Once we get into search the differences between Drupal and Django really begin to surface. Where Drupal offers a perfectly adequate and stable search function, more advanced options for more complex data structures requires custom development using integration with frameworks like Apache Solr or Elastic Search.
Django comes integrated with Python’s BOTO Cloudsearch, meaning it is extremely fast, scalable, easy to set up, and intuitive. For customers with rich, complex databases like the one in question, Django’s search far outpaced Drupal’s. (It should be noted that Amazon search is in testing for Drupal.)
Here, again, the native architectures of Drupal and Django produce far different outcomes. Drupal employs a more conventional CMS with well-defined themes, modules, and folder structures. Customization is performed at the modular level and through system integration. Entities can be mapped across content types while remaining tied to the same root directory.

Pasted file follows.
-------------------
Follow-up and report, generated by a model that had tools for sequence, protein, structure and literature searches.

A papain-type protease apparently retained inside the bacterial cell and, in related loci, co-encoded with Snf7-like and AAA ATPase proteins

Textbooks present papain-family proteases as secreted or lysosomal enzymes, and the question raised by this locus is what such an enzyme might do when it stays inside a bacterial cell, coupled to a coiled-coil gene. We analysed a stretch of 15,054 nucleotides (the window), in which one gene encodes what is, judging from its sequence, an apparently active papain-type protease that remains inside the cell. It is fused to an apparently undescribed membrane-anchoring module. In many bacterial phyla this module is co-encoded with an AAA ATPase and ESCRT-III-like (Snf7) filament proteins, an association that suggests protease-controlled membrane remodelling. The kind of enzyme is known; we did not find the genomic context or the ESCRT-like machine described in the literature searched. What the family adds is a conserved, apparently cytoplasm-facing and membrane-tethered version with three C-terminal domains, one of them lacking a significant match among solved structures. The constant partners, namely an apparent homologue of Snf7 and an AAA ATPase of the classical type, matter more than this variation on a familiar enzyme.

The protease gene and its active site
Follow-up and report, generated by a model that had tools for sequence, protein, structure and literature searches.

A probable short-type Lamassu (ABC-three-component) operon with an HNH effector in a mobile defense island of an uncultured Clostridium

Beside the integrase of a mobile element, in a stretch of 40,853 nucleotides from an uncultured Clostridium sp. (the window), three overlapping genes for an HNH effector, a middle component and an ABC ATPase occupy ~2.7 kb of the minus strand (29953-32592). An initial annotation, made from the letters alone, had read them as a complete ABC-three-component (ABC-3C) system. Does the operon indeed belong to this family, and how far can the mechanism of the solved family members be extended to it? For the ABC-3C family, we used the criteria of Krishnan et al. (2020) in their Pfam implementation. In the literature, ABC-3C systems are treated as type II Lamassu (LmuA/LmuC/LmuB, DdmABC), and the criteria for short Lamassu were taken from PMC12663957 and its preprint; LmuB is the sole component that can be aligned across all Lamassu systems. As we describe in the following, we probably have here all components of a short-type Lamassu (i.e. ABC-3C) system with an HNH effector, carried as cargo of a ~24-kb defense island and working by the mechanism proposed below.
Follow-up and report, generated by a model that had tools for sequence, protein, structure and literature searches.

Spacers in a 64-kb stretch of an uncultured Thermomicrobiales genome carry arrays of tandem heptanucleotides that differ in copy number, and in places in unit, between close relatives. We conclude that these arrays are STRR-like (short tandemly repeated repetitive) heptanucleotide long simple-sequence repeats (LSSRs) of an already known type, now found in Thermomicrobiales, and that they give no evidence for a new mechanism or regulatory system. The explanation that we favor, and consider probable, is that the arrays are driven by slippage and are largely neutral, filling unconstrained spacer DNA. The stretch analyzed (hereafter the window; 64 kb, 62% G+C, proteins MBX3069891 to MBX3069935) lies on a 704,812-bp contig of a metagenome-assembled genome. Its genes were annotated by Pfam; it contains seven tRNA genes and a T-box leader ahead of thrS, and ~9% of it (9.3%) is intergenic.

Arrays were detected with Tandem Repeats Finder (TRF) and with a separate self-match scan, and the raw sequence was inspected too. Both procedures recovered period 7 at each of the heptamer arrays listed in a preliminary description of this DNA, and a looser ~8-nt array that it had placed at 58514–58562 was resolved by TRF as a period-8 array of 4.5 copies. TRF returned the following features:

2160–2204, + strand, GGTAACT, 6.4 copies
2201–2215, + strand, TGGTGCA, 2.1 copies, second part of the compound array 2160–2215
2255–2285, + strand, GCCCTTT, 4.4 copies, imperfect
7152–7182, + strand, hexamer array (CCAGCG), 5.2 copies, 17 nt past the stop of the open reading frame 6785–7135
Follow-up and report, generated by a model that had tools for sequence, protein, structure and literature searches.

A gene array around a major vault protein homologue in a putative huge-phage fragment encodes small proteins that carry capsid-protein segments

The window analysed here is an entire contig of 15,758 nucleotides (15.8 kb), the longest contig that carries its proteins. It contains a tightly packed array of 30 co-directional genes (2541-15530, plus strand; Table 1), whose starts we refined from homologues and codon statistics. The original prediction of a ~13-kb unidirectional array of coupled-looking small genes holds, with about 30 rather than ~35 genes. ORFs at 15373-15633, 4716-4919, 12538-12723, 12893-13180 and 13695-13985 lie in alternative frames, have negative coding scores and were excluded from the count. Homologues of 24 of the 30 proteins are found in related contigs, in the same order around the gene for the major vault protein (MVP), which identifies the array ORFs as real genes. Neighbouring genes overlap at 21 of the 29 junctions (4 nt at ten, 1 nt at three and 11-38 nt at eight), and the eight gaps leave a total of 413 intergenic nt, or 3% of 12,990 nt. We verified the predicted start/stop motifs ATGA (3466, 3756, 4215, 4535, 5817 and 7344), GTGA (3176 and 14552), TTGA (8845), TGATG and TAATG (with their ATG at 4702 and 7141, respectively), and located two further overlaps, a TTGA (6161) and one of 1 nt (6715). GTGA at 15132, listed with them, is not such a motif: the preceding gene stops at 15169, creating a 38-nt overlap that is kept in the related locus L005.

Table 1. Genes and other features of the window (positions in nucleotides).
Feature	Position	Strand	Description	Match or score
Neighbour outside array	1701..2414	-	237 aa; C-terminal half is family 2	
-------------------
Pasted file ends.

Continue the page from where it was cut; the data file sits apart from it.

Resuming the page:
The Django framework, by contrast, does not support ad hoc development. Strict design principles are enforced, including:
After delineating between the two systems, we drilled down farther for our client to help them understand the differences in the risks and challenges associated with each system, how best to implement Drupal vs. Django, implementing the two systems, and the time and costs involved.
Thus the client able to see, firsthand, the key differences between these platforms and to understand the rationale used in choosing one platform over the other. Sy Syms, the late clothing retailer, was famed for his expression, “An educated consumer is our best customer.” We could not say it better ourselves.